“How much money do you have?” asked the ten year old boy. “Oh, I am very rich.” replied my grandmother.

My grandmother is one of the most grace-filled, joyful, sweet women I know. Sound familiar? While this phrase might sound typical of grandmothers, she has every right—humanly speaking—to be a bitter and depressed woman. It is amazing how much grace she has for others as a result of God’s grace for her.

She hopes to turn 100 years-old this next spring. She has lived through two World Wars and the Great Depression. She did not receive a high school diploma, but saw all of her five children receive college degrees. She lost a daughter who was in her twenties, a son who was in his forties, and her husband to cancer when in their seventies. In every way, humanly speaking, my grandmother should be cold, bitter, and angry with God and His world.

So why not be bitter? She has chosen joy in the strength of the Lord (Neh 8:10). She is ruthlessly focused on finding strength in joy of the Lord and sharing it with others. Into her late 80s and early 90s she was still distributing devotionals to neighbors and friends. She continues to this day to share grace with others as she has been extended grace by her heavenly Father.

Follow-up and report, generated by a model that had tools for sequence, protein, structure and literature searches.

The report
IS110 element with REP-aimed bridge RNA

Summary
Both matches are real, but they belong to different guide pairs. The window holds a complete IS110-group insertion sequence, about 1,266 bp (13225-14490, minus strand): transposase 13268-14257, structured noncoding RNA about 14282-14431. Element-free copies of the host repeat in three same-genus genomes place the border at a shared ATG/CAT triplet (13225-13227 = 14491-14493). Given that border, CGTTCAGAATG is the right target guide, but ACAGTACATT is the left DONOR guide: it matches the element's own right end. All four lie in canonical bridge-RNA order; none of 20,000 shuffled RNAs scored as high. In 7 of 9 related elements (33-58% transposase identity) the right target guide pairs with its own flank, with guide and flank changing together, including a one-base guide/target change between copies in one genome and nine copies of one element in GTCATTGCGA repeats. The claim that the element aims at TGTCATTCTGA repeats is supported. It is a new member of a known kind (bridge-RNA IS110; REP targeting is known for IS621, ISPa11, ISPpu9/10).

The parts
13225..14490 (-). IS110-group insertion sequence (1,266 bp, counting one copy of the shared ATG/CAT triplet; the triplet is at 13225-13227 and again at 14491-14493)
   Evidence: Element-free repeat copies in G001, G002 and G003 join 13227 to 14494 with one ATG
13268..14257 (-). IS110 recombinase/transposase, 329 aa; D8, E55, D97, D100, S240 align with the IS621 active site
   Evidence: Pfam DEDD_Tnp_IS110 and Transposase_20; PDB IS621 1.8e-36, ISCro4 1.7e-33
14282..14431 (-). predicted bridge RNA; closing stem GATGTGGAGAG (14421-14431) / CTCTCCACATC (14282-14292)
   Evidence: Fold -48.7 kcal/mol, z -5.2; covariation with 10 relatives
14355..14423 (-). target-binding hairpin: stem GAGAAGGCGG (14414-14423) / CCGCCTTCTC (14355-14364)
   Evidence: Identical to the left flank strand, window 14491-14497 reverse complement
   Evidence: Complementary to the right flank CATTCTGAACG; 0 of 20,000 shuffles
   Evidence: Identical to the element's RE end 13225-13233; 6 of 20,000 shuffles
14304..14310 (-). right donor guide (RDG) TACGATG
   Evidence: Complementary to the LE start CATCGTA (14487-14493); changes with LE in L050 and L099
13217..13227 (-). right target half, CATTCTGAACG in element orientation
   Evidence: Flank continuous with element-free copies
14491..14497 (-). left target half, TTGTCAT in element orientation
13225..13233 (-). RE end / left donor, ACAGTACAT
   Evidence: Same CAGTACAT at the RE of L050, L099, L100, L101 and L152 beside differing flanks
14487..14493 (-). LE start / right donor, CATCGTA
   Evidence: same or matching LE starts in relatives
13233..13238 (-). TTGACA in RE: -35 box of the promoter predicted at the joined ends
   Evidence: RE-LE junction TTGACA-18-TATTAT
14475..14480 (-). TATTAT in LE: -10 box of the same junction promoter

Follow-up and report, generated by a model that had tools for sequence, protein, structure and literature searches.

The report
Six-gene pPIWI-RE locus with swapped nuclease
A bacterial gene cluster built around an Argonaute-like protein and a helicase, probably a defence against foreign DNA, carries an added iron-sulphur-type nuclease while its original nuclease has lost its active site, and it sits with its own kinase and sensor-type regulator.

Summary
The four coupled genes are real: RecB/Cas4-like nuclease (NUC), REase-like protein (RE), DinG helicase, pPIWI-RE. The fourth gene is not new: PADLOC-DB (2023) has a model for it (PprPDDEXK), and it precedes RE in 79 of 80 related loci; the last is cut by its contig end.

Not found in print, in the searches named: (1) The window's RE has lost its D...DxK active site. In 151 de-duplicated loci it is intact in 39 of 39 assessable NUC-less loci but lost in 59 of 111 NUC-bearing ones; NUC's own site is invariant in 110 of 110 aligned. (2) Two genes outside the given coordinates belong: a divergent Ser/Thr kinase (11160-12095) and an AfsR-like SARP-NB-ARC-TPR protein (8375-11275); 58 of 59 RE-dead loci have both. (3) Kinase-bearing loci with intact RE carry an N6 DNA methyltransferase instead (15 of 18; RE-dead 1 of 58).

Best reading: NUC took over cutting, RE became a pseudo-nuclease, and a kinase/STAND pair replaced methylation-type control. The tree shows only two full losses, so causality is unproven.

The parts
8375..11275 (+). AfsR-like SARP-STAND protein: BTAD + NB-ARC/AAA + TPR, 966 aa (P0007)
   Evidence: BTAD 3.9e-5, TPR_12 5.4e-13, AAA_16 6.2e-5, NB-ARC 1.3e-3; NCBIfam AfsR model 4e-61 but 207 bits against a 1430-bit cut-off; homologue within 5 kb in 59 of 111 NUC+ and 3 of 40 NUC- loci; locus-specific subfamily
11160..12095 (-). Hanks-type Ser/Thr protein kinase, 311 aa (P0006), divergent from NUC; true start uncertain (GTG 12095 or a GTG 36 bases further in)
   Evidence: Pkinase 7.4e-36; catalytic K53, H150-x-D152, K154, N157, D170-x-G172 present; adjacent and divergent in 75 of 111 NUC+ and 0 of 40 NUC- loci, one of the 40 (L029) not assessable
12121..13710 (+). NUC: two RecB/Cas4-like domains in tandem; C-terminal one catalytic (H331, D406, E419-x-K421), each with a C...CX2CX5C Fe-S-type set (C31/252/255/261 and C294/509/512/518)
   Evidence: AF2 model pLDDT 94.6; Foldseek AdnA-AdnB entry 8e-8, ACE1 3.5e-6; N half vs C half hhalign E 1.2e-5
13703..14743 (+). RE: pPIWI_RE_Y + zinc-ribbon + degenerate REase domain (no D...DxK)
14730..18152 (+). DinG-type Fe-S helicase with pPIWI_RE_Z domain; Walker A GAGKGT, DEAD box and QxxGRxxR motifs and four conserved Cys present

My grandmother’s prayer life is unbelievable. Throughout her life she has prayed daily and in part specifically for her family and grandchildren by name. One of the most important parts of her prayer life has been praying for our faith in Jesus to grow. She prays for each us to know our God and know how much grace He extends.

“How much money do you have?” asked the ten year old boy? “Oh, I am very rich.” replied my grandmother. “I am so rich because I have many children, grandchildren and great-grandchildren who believe in the Lord.” That ten year old boy didn’t get the answer he wished for and he hurried off to play.

I am so appreciative of the vision of grace my grandmother has modeled for my parents, myself, and now my children. As I reflect on our theme of being Rooted in Christ and Growing in Grace—I am grateful for grace extended to me and modeled by generations before me. Thanks grandma!

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